Summer Sweat: Box Office Revenue Dips 10 Percent in First 3 Weeks

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Twentieth Century Fox

The film business is off to a rocky start this summer as Hollywood box office revenue declined ten percent from 2016 through the first three weeks of the season after back-to-back weekends of big-budget flops.

Alien: Covenant became the latest big-budget disappointment this weekend after opening with a domestic total of $36 million, off from analysts’ projections of around $40 million and the previous debuts of 2012’s Prometheus ($51 million) and 2004’s Alien vs. Predator ($38 million).

While the Ridley Scott-directed sequel in the long-running sci-fi horror franchise eked out a first-place finish at the box office, Twentieth Century Fox reportedly spent $100 million on the film and likely much more on marketing, meaning the film will have to perform exceptionally well overseas if it is to make a profit.

The Michael Fassbender-starring film has pulled in $117 million in global receipts thus far, according to Box Office Mojo. It launches in China in mid-June.

Alien‘s lukewarm reception follows last weekend’s disastrous rollout of Warner Bros./Village Roadshow’s King Arthur: Legend of the Sword, which launched to $14.7 million domestically against a reported production budget of $175 million, before marketing costs.

Warners and Village Roadshow are seemingly looking at a writedown in the tens of millions as the Charlie Hunnam-Jude Law fantasy action flick collected an additional $6.85 million in in its second weekend to bring its global tally to just $97 million, far behind what the film will need to earn overseas to break even.

With those two big-budget misfires and a few other other underperformers — including the Amy Schumer-Goldie Hawn kidnap caper Snatched (which dropped 61 percent in its second weekend for a cumulative domestic total of $32.7 million against a $42 million budget) and the YA sequel Diary of a Wimpy Kid: The Long Haul — this year’s box office revenue is down ten percent through the first three weeks of summer, according to the Hollywood Reporter, which cited data from industry tracker comScore. The numbers are down 20 percent when compared with the summer of 2015.

This year’s season kicked off with a promising bang on May 5, as Disney/Marvel’s Guardians of the Galaxy Vol. 2 debuted to $145 million domestically on the way to its current global tally of $733 million through its first three weeks of release.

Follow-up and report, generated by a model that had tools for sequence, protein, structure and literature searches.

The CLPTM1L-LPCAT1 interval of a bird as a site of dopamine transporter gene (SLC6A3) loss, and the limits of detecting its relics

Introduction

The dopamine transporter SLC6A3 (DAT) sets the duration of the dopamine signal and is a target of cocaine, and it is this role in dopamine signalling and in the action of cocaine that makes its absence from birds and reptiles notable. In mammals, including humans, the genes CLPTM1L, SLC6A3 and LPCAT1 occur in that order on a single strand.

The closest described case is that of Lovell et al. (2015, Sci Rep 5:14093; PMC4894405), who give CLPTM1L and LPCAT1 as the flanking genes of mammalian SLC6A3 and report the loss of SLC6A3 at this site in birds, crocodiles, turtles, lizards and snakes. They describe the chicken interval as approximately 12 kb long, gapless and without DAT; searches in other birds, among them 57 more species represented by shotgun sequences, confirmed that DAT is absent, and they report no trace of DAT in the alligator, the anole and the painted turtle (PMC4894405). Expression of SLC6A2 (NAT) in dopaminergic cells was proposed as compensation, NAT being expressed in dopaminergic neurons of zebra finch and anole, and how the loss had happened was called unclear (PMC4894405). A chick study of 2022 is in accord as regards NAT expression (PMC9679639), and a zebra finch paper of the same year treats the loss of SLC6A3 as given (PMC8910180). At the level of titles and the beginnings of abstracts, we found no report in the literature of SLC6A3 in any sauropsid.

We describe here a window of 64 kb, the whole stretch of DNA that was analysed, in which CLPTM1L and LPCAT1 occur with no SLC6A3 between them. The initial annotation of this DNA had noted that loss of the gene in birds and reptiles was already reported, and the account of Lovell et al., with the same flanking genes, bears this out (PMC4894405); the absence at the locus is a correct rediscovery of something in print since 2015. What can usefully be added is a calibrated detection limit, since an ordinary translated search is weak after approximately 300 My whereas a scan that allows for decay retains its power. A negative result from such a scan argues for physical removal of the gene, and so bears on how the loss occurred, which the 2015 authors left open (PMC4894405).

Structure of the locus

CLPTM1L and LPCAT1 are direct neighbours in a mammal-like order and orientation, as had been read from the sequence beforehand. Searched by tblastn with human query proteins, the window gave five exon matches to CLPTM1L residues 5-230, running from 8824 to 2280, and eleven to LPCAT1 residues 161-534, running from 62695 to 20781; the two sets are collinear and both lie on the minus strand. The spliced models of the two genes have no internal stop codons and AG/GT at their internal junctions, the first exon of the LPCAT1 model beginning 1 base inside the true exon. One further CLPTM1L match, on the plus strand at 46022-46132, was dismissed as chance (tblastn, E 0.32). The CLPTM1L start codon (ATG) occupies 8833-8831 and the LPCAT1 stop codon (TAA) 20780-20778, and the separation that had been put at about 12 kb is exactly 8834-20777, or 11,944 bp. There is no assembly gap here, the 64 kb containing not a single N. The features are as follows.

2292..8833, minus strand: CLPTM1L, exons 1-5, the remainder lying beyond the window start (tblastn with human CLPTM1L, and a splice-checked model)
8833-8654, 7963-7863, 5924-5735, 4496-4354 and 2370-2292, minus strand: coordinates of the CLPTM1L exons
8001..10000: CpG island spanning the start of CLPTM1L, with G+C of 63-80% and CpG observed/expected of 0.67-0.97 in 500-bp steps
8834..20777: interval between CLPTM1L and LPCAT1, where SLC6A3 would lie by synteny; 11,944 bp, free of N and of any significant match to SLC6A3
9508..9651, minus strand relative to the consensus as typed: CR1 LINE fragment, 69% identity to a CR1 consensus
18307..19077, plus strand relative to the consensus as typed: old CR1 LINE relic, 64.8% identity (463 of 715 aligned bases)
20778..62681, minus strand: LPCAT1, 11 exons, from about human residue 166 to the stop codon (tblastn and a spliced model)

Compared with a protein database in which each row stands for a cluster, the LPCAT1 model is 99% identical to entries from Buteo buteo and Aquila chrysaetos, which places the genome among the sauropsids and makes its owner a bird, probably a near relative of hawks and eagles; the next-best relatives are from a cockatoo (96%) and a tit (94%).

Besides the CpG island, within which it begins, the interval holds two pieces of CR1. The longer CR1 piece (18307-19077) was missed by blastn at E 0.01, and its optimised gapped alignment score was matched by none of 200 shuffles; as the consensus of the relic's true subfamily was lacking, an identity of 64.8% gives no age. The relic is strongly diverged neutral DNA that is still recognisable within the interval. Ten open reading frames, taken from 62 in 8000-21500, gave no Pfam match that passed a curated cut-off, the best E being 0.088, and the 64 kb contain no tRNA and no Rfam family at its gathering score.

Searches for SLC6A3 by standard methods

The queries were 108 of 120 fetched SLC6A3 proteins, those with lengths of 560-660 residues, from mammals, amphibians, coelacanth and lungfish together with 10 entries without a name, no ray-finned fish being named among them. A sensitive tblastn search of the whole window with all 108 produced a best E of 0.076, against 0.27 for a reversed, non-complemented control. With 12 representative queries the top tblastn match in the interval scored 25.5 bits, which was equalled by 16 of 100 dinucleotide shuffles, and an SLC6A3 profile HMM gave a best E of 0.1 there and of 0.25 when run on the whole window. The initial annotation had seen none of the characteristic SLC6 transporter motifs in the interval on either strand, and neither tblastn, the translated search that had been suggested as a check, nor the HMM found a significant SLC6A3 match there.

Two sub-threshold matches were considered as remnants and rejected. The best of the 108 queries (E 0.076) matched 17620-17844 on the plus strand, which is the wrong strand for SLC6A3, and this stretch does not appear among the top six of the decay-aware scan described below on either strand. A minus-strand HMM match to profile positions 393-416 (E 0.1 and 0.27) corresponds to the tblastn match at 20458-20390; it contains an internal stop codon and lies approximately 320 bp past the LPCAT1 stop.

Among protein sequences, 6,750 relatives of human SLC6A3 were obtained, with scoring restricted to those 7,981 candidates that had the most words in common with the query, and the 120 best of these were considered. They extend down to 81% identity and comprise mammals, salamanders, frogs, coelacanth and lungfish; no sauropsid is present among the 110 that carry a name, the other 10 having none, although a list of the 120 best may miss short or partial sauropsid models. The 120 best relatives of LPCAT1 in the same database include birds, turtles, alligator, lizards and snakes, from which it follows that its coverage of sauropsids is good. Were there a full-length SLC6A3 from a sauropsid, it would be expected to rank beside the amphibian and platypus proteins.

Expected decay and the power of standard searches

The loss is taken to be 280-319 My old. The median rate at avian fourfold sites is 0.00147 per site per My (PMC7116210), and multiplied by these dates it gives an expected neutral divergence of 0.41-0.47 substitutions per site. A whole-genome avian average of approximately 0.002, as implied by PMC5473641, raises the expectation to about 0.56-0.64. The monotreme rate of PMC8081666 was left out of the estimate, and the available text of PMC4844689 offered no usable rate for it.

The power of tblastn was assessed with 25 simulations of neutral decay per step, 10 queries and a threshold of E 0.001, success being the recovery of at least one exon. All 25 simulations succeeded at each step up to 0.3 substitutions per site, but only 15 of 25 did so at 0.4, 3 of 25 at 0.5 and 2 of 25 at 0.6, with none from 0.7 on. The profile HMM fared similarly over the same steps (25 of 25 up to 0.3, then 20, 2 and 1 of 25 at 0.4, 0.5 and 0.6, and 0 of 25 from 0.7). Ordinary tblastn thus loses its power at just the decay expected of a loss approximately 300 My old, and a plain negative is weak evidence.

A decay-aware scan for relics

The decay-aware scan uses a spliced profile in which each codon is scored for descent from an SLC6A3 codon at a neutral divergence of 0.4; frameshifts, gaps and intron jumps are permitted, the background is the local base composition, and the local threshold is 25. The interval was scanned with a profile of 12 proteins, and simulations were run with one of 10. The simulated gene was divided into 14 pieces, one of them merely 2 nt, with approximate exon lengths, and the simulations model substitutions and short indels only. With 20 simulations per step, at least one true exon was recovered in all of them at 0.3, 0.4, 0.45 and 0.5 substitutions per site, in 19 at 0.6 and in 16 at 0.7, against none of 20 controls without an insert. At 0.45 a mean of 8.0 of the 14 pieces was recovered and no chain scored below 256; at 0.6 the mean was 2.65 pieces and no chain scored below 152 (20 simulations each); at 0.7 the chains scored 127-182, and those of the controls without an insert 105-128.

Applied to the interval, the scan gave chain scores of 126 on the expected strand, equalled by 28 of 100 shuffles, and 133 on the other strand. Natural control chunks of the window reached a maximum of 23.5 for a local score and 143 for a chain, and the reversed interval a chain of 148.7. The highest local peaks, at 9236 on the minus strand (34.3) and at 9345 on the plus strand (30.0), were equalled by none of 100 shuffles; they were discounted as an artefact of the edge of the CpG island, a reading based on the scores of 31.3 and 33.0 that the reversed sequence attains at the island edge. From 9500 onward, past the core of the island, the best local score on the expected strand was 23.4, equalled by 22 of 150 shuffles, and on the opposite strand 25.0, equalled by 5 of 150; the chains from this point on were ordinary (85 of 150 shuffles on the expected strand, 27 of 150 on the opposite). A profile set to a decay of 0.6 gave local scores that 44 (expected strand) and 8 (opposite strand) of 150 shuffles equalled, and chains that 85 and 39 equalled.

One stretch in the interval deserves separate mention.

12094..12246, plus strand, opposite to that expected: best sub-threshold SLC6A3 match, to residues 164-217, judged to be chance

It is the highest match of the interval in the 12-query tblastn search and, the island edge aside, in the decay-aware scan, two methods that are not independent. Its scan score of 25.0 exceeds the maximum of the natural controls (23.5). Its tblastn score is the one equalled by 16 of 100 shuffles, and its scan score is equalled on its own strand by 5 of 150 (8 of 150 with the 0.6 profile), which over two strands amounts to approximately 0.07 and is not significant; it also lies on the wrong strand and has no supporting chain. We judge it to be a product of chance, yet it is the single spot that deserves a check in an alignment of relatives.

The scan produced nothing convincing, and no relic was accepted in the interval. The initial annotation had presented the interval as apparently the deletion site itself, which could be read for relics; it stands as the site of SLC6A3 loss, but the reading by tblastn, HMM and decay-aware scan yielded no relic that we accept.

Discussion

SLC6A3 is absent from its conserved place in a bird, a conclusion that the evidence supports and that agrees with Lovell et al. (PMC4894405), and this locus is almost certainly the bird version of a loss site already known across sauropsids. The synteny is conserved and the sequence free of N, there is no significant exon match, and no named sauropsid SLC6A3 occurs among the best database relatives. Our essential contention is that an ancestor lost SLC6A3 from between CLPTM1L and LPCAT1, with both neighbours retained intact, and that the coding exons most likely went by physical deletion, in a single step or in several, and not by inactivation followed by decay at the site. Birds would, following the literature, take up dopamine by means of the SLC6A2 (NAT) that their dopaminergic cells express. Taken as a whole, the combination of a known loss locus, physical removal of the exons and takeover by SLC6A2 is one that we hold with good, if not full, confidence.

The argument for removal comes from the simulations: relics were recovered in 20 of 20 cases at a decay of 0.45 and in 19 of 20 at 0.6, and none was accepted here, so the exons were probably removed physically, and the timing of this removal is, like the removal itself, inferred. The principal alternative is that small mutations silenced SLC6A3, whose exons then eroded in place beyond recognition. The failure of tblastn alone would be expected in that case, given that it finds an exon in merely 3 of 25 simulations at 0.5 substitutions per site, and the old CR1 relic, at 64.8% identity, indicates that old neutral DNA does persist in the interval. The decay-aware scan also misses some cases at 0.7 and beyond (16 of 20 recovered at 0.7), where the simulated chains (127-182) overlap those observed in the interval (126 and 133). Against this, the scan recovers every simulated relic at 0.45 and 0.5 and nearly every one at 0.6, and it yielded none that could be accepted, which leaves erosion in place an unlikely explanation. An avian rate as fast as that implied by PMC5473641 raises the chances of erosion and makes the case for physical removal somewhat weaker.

But now the real test begins as a number of big-budget sequels and reboots head to theaters over the next few weeks, beginning with this weekend’s rollout of Disney’s Pirates of the Caribbean: Dead Men Tell No Tales, the fifth installment in the long-running franchise featuring star Johnny Depp, and a big-screen R-rated adaptation of the TV show Baywatch, starring Dwayne Johnson and Zac Efron. Other notable sequels set to debut this summer include Transformers: The Last Knight, War for the Planet of the Apes, and Spider-Man: Homecoming.

The bleak box office news comes as a battle for the future of the business is being waged at the industry’s prestigious Cannes Film Festival in France this week.

The festival announced that beginning next year, films submitted for inclusion in the program must screen at movie theaters ahead of their festival debut. The rule was a direct shot at Netflix, which has two titles in competition at this year’s festival, Okja and The Meyerowitz Stories, neither of which received a theatrical release.

Director Pedro Almodovar, a member of this year’s Cannes jury, defended the new rule at the opening of this year’s festival, telling reporters that films must be seen on a big screen to be appreciated. Almodovar’s fellow juror, actor Will Smith, defended Netflix in the same press conference, telling reporters that his family regularly watches the streaming service. The actor’s upcoming film Bright, directed by David Ayer, will premiere exclusively on Netflix later this year.

 

Follow Daniel Nussbaum on Twitter: @dznussbaum

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